High Line

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In addition to all the shoveling the High Line staff did to keep the park open this weekend, our temporary Maintenance & Operations facility has been moved down to the southern entrance of the High Line, at street level. In order to get ready for the joining of Section 1 to Section 2 (still under construction) the M&O trailers (where our gardeners, maintenance workers, and Rangers house equipment and offices) were moved 10 blocks south, just west of the Gansevoort Stairway.

trailerM&O container being lifted off of the 20th Street location and moved to ground level
at Gansevoort & Washington Streets. Photo by Jenny Staley.

The trailers and containers were crane-lifted off the High Line and loaded onto flatbed trucks that transported everything to their new southern location, where they will rest until construction for the new Whitney Museum begins at Gansevoort and Washington Street, adjacent to the High Line.

trailerContainer being set down into its new location just west of the Gansevoort Entrance.
Photo by Jenny Staley.

If you haven't already caught glimpses of the High Line dressed in white, check out this snow-strewn photo that our Maintenance & Operations staff took this weekend.

pipeThe Diller - von Furstenberg Sundeck under a white blanket.

In order to clear the snow, the crew used various tools and equipment including: a Bobcat mini-tracker with spinning broom, power brooms, push brooms, snow-blowers, shovels, and eco-friendly ice melt. Brooms (and power brooms) are the best way to remove snow safely and efficiently from the concrete planking and pathways.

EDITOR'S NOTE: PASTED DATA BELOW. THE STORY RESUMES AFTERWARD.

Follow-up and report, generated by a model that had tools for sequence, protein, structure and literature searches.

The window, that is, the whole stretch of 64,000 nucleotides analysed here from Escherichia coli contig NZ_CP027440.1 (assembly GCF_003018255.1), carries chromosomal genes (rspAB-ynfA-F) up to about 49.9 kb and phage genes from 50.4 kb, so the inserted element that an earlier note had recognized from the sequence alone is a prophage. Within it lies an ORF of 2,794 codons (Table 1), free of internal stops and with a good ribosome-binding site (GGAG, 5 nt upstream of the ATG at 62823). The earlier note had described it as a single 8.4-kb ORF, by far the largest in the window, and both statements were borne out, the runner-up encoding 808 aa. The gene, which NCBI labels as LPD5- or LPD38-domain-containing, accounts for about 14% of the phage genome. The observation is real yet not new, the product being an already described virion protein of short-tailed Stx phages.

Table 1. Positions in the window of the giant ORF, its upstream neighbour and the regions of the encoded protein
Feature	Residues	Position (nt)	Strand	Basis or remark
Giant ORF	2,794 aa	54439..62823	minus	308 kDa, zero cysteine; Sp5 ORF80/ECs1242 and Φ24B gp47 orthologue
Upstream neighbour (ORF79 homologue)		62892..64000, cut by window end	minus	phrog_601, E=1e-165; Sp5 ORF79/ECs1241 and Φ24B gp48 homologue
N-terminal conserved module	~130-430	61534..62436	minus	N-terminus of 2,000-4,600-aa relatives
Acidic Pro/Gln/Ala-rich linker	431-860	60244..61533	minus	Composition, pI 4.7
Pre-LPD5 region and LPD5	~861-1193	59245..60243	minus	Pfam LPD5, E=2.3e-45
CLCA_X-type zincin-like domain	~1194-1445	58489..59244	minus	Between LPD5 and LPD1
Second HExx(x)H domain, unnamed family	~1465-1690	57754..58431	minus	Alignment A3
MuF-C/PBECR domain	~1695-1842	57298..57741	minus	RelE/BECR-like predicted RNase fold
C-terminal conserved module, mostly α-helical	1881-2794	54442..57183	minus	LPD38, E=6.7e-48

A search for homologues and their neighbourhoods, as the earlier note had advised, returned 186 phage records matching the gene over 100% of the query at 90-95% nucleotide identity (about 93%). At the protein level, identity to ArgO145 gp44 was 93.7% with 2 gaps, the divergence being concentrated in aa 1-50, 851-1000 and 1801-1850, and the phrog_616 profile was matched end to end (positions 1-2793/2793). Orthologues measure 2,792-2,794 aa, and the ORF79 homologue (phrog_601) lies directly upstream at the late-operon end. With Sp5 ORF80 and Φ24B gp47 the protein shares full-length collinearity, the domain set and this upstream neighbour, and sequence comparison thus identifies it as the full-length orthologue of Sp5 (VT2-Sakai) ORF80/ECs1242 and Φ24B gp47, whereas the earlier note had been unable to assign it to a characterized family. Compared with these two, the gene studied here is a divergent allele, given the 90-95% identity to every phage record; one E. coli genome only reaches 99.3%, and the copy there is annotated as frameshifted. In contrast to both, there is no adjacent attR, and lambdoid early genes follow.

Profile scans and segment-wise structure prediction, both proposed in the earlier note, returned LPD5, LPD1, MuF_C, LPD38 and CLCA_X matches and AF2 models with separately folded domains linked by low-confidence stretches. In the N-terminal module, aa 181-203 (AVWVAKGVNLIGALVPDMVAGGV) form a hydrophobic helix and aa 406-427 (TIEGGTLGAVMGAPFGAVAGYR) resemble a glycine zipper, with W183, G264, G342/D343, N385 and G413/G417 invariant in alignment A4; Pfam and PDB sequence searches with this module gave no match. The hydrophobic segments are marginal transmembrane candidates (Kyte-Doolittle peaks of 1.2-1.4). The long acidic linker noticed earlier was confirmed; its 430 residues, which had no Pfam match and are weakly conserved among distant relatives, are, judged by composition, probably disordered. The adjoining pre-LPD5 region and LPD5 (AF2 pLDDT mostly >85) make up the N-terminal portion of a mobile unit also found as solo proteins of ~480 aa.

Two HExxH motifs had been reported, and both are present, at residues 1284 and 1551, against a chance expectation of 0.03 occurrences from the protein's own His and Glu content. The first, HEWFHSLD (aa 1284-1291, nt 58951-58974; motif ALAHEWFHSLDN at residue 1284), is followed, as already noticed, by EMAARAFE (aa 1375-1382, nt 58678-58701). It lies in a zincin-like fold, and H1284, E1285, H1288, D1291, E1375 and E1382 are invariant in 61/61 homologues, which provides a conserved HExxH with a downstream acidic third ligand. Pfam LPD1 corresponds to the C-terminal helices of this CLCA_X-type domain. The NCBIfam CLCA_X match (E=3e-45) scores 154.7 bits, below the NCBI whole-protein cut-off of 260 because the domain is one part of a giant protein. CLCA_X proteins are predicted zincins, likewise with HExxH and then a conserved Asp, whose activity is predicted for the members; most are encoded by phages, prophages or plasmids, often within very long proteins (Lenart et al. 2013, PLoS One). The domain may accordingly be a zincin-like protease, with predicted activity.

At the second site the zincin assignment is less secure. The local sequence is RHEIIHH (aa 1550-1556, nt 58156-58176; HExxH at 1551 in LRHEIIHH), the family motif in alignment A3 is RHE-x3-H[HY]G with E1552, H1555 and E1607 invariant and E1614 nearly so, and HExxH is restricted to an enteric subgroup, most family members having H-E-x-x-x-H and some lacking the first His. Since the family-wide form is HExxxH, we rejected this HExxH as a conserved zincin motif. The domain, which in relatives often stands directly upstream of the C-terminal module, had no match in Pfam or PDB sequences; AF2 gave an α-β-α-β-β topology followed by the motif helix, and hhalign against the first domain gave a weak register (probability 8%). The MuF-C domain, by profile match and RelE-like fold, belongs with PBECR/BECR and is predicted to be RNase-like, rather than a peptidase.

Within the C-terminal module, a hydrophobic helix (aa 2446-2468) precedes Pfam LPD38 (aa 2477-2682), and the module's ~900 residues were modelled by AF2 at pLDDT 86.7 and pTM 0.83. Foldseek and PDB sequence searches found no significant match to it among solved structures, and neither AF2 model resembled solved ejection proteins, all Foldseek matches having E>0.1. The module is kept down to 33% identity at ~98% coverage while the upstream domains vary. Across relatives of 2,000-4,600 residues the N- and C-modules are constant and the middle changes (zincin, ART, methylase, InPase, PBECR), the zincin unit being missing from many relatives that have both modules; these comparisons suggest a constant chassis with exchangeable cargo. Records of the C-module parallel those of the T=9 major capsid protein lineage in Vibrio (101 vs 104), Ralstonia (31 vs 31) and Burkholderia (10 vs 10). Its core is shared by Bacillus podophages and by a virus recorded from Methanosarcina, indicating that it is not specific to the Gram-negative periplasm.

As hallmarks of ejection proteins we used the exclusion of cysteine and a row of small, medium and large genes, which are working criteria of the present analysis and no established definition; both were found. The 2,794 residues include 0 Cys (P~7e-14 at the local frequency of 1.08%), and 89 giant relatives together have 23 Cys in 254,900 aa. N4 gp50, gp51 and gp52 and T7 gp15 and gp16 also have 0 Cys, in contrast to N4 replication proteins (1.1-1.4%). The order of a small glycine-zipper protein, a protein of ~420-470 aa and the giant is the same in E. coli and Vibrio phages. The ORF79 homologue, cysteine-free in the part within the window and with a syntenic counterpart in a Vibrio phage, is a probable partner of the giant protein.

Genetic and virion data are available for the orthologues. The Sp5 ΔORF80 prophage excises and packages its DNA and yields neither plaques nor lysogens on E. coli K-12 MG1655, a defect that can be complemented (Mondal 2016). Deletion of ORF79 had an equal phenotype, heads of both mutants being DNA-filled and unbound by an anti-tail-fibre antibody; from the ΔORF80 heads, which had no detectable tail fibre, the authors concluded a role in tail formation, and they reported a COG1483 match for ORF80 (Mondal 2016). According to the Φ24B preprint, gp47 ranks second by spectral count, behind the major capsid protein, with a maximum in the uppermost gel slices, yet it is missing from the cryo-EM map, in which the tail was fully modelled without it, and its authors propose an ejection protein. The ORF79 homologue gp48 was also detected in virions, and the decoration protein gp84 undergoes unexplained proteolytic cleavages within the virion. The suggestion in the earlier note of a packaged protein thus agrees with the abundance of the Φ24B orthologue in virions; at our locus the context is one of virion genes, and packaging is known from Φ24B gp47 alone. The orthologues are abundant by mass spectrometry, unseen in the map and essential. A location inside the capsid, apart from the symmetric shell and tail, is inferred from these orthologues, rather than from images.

pipeHigh Line Gardener Johnny Linville test-drives one of the new maintenance trikes.
EnlargePhoto by Brian Finke

The "Goings on About Town" photo in this week's New Yorker featured a familiar sight to anyone who's strolled the High Line on a hot day.  The Sundeck's lounge chairs – both rolling and stationary – have become a veritable Mecca for sunbathers.

For those who remember the early iterations of the High Line's design, the photo also reminds us of something...

Patrick Hazari

Friends of the High Line's office recently got a new addition: a 9 foot-by-18 foot aerial High Line wall map in our reception area. The map shows the High Line's design in context: the entire line is visible as it moves north from the West Village, through Chelsea, to the West Side Rail Yards.

The unusual view from above reveals the complex relationship between the High Line and its neighborhood. You can see the surrounding built environment as a series of blocks, streets, and related and unrelated structures, seemingly stitched together by the common thread of the High Line. You can see where the line literally passes through buildings, which familiar neighborhood landmarks it nears and touches, and how it parallels the Hudson River. Here at our office, we can't stop looking at it.

Download your own version of this map for your desktop!

Click the size you would like to download:

Small monitor: 800 x 600 pixels
Medium-size monitor: 1024 x 768 pixels
Large-size monitor: 1280 1024 pixels
Wide-screen monitor: 1680 x 1050 pixels


Instructions for downloading the wallpaper after the jump!


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